X-Ray Scattering from Two-Dimensional Liquids Modulated by a Periodic Host: Theory, Simulation and Experiment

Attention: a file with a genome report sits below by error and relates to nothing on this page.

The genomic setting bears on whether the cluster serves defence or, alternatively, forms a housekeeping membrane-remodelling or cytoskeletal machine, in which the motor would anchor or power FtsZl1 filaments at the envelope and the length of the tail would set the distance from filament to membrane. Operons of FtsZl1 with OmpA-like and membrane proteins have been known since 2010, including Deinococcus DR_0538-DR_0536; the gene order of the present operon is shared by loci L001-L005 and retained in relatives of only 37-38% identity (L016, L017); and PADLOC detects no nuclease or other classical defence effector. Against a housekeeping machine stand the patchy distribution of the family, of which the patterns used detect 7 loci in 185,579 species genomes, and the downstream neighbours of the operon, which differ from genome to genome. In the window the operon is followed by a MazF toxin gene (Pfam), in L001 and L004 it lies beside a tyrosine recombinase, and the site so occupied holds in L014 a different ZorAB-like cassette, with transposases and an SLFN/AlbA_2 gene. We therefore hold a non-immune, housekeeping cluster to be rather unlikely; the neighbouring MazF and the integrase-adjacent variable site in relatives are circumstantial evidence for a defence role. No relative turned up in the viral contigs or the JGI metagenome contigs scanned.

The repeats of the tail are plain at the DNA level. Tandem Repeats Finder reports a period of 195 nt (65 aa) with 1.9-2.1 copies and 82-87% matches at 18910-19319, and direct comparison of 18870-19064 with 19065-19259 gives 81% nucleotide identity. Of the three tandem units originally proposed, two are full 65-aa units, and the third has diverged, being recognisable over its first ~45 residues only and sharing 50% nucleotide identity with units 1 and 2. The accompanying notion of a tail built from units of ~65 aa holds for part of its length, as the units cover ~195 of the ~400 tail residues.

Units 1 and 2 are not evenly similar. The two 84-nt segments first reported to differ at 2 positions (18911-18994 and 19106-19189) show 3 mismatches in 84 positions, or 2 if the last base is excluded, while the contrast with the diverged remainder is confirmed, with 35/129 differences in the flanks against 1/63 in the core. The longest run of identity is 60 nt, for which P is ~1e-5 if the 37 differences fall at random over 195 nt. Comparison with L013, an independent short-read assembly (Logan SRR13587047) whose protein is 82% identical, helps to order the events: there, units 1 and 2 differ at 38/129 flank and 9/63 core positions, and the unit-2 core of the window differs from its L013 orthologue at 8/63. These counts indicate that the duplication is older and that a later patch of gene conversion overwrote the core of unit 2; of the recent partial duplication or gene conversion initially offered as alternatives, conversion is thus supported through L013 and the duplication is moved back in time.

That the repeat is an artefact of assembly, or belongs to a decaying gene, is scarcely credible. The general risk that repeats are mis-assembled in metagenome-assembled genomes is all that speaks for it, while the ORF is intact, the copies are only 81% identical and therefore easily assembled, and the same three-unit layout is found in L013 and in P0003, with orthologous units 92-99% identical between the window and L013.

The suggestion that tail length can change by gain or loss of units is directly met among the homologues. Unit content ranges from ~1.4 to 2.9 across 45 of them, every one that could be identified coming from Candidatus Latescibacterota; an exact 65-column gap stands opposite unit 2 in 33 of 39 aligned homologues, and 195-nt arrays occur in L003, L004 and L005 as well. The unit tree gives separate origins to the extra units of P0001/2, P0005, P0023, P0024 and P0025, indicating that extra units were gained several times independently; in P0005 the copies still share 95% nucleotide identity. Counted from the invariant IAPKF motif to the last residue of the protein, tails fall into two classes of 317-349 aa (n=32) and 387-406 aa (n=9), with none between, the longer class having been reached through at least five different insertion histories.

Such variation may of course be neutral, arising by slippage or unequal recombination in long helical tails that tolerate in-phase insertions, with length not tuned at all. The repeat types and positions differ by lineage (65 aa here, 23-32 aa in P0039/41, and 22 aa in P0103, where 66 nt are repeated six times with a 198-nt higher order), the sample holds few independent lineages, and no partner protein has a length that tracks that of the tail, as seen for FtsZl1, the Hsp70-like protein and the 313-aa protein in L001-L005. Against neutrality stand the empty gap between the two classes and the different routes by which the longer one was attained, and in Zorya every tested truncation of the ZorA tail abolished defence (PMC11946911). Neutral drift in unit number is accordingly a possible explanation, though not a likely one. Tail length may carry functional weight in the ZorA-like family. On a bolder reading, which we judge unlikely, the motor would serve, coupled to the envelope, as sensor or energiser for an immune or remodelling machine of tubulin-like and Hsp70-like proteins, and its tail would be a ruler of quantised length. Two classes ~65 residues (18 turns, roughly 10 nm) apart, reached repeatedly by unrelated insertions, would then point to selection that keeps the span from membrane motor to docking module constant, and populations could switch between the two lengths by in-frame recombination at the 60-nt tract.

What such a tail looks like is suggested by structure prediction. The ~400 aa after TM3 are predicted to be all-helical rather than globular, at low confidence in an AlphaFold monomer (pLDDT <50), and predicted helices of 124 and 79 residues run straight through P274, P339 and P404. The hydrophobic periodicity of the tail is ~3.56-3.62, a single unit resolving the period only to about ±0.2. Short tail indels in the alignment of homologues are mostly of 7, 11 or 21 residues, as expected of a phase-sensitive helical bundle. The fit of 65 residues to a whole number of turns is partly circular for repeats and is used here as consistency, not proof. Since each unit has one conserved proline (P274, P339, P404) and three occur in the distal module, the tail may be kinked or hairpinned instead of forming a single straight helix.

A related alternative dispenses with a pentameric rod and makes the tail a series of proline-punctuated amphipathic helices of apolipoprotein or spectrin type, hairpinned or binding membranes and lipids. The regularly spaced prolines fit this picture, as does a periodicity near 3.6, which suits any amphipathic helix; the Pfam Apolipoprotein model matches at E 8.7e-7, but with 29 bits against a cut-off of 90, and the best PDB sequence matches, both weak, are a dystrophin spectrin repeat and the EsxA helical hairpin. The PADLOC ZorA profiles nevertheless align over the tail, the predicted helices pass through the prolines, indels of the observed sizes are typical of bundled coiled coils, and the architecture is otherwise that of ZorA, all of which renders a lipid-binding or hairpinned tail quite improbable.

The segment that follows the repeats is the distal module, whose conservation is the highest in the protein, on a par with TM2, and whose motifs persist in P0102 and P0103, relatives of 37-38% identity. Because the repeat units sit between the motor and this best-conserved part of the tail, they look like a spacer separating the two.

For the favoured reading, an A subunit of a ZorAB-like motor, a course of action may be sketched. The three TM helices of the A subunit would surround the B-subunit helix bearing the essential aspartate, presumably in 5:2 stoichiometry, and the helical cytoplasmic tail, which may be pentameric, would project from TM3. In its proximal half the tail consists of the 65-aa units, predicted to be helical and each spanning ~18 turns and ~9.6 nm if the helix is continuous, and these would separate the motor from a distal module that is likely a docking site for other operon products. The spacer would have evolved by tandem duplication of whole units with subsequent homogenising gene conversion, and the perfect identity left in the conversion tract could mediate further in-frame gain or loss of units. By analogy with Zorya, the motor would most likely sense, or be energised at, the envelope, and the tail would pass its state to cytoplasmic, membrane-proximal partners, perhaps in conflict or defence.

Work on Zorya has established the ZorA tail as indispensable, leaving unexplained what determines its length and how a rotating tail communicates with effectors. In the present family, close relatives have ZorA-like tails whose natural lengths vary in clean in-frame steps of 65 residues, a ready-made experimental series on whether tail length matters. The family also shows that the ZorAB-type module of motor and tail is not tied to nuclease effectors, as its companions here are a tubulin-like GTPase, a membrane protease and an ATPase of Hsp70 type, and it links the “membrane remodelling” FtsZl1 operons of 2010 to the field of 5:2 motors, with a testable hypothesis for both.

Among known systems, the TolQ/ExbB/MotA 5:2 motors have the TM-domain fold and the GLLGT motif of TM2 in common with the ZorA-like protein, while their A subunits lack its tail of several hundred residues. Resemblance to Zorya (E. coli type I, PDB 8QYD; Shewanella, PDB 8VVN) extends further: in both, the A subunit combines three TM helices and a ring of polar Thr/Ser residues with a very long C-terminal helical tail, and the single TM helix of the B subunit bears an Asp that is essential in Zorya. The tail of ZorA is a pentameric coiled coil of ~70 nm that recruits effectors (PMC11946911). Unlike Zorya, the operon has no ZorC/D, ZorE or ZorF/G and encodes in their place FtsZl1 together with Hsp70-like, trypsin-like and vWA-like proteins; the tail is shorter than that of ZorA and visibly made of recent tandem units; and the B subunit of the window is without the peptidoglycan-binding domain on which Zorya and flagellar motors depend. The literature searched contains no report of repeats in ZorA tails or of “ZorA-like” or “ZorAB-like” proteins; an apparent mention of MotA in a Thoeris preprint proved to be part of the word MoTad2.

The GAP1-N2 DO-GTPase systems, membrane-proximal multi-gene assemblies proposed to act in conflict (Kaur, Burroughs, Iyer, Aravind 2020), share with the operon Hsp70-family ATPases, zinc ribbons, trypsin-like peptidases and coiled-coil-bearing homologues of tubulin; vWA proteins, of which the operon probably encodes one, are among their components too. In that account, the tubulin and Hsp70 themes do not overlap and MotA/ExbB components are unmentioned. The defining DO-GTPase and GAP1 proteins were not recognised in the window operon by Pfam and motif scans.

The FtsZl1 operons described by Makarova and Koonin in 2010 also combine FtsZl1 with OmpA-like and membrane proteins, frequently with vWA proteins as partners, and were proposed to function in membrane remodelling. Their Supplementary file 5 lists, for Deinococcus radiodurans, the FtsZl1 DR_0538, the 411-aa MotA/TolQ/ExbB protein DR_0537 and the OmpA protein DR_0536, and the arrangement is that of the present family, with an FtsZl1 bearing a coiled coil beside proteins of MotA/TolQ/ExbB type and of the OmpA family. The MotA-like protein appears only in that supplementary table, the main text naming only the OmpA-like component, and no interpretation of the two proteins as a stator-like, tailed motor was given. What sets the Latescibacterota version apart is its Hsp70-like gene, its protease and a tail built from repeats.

A fluid layer on a surface, such as Helium on graphite, or intercalated between the planes of a crystal, such as Rubidium in graphite, provide examples, upon solidification, of incommensurate solids. Despite extensive theoretical and experimental work , the structure of these solid phases is still controversial. This is due to the difficulty of extracting the structure from the available experimental evidence , the difficulty of doing an accurate theory in the regimes of interest, and the lack of knowledge of essential physical parameters, in particular, the substrate fluid potential and the interaction potential between the atoms or ions of the fluid. The latter quantity is not actually used in most theoretical predictions , which use instead effective parameters which would be difficult to relate to the physical parameters even if known, making possible a wide range of theoretical predictions. We present here theoretical, numerical and experimental results for Rb intercalated in graphite in the fluid phase and show that it is possible to extract from the x-ray scattering data the substrate-intercalant potential. We expect to be able to extract as well the intercalate-intercalate interaction potential, making possible molecular dynamics simulations that should reveal the structure of the solid phase as well as permit an interpretation of neutron scattering data on the dynamics of the intercalate. The essential features of the x-ray scattering patterns are exhibited and explained theoretically.
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